“After Sumurun contacted the stern of Alera, Alera was forced into Amorita, subsequently causing Amorita to twist into the path of Sumurun,” the appeals committee writes. “Sumurun then made contact with the starboard amidships of Amorita, causing her to sink.”

Case closed.

Or maybe not. Lacey Given, US Sailing race administration director, says her organization hasn’t received an appeal of the NBYA ruling from Sumurun. She will say no more about the case. Towbin could file an appeal, but his attorney, to whom questions have been referred by Towbin’s office, didn’t return phone calls.

A hint of the give and take US Sailing can expect if there is an appeal is provided by the comments that the NBYA appeals committee considered. In a letter sent both to the NBYA and the US Sailing appeals committee, Jed Pearsall, co-owner of Amorita with Bill Doyle, writes: “Sumurun’s appeal is a cynical post-hoc attempt to alter the facts in order to avoid liability. It is symptomatic of the arrogant way in which Sumurun has been handled not only in the race in question but also in other events she has entered. Moreover, the faulty recitation of basic facts and denial of responsibility indicates that Sumurun has chosen to disregard elementary standards of sportsmanship and fair sailing.”

Pearsall, who like Doyle lives in Newport, R.I., continues: “The only blessing here is that, remarkably, no one was physically injured or killed. It is our sincere hope that US Sailing will look closely at this incident and will act to the highest extent possible within its jurisdiction to prevent future losses as a result of Sumurun’s irresponsible handling during sailboat races.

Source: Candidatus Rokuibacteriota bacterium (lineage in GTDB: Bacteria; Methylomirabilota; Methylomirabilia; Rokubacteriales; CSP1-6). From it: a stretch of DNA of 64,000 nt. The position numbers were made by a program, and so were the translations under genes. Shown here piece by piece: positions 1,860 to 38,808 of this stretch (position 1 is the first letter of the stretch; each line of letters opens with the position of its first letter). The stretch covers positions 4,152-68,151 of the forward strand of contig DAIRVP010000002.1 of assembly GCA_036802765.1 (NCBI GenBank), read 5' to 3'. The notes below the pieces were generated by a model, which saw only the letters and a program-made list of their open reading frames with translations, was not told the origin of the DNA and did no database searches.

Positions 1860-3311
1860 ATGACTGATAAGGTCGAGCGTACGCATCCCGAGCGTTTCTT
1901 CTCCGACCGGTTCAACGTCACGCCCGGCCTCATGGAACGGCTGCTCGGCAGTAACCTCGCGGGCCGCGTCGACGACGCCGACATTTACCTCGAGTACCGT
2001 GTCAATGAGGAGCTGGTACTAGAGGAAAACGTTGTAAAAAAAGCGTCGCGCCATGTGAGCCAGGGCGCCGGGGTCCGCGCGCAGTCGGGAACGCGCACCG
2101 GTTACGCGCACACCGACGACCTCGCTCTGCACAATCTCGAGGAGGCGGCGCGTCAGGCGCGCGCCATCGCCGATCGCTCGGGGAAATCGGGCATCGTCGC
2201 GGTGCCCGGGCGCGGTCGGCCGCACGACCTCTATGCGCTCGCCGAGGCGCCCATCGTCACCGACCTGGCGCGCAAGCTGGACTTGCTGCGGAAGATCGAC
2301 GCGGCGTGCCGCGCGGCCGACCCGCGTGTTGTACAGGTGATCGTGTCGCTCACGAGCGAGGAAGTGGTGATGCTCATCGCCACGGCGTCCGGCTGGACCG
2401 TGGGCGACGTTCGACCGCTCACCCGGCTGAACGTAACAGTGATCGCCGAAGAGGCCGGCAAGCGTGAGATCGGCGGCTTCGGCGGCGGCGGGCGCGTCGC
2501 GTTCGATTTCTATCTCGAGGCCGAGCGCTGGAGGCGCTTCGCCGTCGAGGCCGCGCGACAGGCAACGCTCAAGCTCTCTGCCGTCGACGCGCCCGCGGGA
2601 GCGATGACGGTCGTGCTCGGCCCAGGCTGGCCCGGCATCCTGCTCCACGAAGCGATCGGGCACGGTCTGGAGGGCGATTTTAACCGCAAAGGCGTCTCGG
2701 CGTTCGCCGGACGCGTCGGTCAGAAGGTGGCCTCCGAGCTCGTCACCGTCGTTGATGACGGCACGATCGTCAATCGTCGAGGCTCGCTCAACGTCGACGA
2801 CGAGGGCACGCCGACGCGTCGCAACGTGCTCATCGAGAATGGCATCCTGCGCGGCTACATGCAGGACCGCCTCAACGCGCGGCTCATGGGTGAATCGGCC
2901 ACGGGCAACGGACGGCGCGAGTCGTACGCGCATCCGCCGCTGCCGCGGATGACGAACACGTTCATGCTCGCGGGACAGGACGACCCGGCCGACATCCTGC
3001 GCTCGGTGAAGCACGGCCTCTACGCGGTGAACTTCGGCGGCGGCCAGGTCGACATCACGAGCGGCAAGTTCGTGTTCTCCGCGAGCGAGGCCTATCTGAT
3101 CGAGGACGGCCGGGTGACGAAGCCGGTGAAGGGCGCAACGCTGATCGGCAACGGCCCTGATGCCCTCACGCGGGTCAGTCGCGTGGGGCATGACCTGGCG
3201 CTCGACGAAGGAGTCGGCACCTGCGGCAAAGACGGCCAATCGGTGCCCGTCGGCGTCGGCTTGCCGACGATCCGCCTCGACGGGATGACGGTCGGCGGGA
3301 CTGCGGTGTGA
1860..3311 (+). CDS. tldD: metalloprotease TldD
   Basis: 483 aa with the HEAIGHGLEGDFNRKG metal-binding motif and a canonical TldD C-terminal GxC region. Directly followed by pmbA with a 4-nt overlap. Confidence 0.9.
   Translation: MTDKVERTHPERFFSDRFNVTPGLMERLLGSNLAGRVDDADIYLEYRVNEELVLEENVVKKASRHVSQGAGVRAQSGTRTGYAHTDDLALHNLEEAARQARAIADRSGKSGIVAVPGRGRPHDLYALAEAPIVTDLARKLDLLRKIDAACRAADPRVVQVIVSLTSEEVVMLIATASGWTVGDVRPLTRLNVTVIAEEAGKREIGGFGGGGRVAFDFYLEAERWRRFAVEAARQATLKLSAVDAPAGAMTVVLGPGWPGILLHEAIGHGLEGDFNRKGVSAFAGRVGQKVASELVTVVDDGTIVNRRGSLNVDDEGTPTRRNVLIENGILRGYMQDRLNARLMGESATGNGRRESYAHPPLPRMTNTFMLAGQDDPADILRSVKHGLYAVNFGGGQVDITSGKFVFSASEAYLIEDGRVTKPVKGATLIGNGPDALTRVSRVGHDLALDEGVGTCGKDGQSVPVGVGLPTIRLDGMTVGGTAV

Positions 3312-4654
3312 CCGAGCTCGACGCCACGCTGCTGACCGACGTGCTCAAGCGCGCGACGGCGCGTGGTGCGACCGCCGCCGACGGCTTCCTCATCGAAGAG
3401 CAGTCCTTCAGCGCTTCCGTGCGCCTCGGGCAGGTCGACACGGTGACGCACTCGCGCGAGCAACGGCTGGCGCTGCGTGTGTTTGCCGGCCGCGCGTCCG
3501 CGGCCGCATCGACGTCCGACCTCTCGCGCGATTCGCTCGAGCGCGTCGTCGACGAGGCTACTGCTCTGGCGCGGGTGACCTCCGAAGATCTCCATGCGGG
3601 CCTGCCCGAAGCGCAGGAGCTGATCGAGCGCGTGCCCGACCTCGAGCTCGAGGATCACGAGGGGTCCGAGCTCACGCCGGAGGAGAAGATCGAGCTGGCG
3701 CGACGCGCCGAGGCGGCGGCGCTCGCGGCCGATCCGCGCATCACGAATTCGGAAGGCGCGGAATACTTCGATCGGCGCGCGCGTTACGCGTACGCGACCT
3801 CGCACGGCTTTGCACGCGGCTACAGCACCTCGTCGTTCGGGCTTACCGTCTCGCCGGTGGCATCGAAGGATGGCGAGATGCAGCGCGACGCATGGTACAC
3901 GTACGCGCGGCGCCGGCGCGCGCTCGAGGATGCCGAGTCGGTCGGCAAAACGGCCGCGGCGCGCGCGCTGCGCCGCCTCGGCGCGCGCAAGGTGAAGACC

“In regard to this incident,” Pearsall writes, “Sumurun, at best, misjudged the speed with which she was overtaking Alera and Amorita. This, coupled with the helmsman’s reckless attempt to duck inside the smaller boats to round the mark,” led to the collisions that the NY-30s could not avoid. “Sumurun’s failure to take responsibility and acknowledge that she broke the racing rules amounts to a violation of good manners and sportsmanship and possible gross misconduct under Rule 69.”

Towbin responded that he was “disappointed to see the disparaging comments and unsupported allegations of misconduct contained in Amorita’s submission. Such ad hominem attacks are wholly inappropriate and offensive to the Corinthian spirit of our sport. Amorita’s erroneous and unfounded references to unrelated racing events are also plainly improper and irrelevant, and must be disregarded.”

Sumurun’s owner and skipper continues: “Amorita also seems to believe that mere disagreement with the protest committee’s decisions constitute unsportsmanlike conduct. On the contrary, Sumurun’s purpose in lodging this appeal is to preserve the spirit of sportsmanship in competitive racing.”

Towbin chastised the protest committee for hearing the protests of Alera and Amorita, calling the decision a “blow against sportsmanship.”

“A protest hearing is intended solely to determine competitive standing in a racing event,” Towbin adds. “As Sumurun had retired from the race, there were no issues of competitive standing for the protest committee to resolve.

“Contrary to the exhortations of Alera and Amorita,” he writes, “it is the role of a court, not US Sailing, to adjudicate liability for damages in the event of collision.”

Jessica DiVivo, an attorney representing Amorita’s owners, says Towbin’s letter was dated two days before the NBYA ruling was issued and that she hadn’t been offered the opportunity to respond. While she says she cannot discuss the appeal while the case with Sumurun remains unresolved, she feels compelled to have her clients respond to Towbin’s comments about the role of the courts.

“Amorita disagrees” with Towbin’s remarks, say Pearsall and Doyle in an e-mail to Soundings. “Amorita’s position is supported by the U.S. Appellate Division, which has held that fault as determined by the agreed-upon forum (in this case the protest and appeals committees) pursuant to the Racing Rules of Sailing, is final and binding on the parties.”